Second, I dare to hope for a happy ending. Kim Il-sung's sociological nous has kept the state he created alive longer than many (me included) had expected. But can it go on for ever?Much of the rest will be familiar stuff to regular Pyongyang watchers, but it's always interesting to get the good professor's take.
That I doubt. A full answer would loose more hares than there's room for here. In the 21st century, refusing market reforms is a recipe for self-destruction. Abroad, North Korea's old game of militant mendicancy, despite some success from the Sino-Soviet dispute right up to the six-party talks, is past its sell-by date; other powers are fed up and won't play any more.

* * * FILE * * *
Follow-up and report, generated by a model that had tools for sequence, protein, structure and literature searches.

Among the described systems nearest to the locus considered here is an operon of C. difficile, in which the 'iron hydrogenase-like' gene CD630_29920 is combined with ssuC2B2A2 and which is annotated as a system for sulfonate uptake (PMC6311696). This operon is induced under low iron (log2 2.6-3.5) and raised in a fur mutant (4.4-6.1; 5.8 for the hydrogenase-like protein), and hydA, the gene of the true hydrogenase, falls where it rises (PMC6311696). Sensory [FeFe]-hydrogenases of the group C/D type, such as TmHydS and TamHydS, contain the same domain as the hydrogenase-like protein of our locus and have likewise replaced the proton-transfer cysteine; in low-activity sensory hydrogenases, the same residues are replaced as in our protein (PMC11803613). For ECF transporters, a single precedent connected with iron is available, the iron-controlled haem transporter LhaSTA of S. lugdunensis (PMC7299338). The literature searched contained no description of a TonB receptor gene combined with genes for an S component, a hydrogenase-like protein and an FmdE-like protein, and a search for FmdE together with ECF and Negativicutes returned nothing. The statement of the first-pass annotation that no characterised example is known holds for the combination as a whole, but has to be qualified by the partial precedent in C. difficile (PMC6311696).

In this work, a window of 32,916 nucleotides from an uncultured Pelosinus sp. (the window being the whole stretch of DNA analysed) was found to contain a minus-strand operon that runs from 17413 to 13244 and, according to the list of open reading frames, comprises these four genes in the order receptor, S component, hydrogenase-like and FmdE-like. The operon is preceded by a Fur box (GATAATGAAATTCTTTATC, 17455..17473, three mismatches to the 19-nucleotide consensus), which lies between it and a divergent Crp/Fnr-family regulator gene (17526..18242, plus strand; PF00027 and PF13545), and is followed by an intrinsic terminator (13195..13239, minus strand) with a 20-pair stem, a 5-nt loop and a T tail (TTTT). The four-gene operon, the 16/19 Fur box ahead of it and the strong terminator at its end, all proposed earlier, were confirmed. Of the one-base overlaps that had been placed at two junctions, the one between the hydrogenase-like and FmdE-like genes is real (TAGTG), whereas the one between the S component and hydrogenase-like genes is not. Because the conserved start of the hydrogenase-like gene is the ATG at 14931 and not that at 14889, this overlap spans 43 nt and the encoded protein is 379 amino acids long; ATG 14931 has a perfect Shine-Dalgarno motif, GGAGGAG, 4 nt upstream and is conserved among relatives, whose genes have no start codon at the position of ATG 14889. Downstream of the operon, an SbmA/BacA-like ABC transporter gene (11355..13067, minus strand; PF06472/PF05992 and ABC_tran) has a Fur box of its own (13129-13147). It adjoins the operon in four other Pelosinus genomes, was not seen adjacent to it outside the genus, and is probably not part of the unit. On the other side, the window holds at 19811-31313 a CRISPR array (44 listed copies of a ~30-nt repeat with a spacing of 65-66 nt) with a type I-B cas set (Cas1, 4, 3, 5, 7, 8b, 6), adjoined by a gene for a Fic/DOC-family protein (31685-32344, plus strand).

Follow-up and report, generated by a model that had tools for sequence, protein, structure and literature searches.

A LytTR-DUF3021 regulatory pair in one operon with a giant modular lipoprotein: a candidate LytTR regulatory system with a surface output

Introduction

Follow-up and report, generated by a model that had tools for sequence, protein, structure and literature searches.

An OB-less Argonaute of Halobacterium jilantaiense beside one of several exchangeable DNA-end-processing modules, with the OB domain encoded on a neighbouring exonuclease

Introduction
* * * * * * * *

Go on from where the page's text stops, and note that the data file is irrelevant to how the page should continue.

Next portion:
But just to stick to the processes already mentioned, these too are far from foolproof. The weakest link is familism. Past history, in Korea or anywhere - think of the Borgias in Italy - suggests that monarchies or other forms of family rule can be riddled by strife. Some crown princes just aren't up to the job. People plot, and before you know it the knives are out.
Thursday, October 21, 2010
The Sociology of North Korea
Over at Asia Times Online (is there a dead-tree edition?), eminent Korean Studies scholar Aidan Foster-Carter talks about the inner workings of the Pyongyang regime that have led us to where they are now, and why they might be crumbling: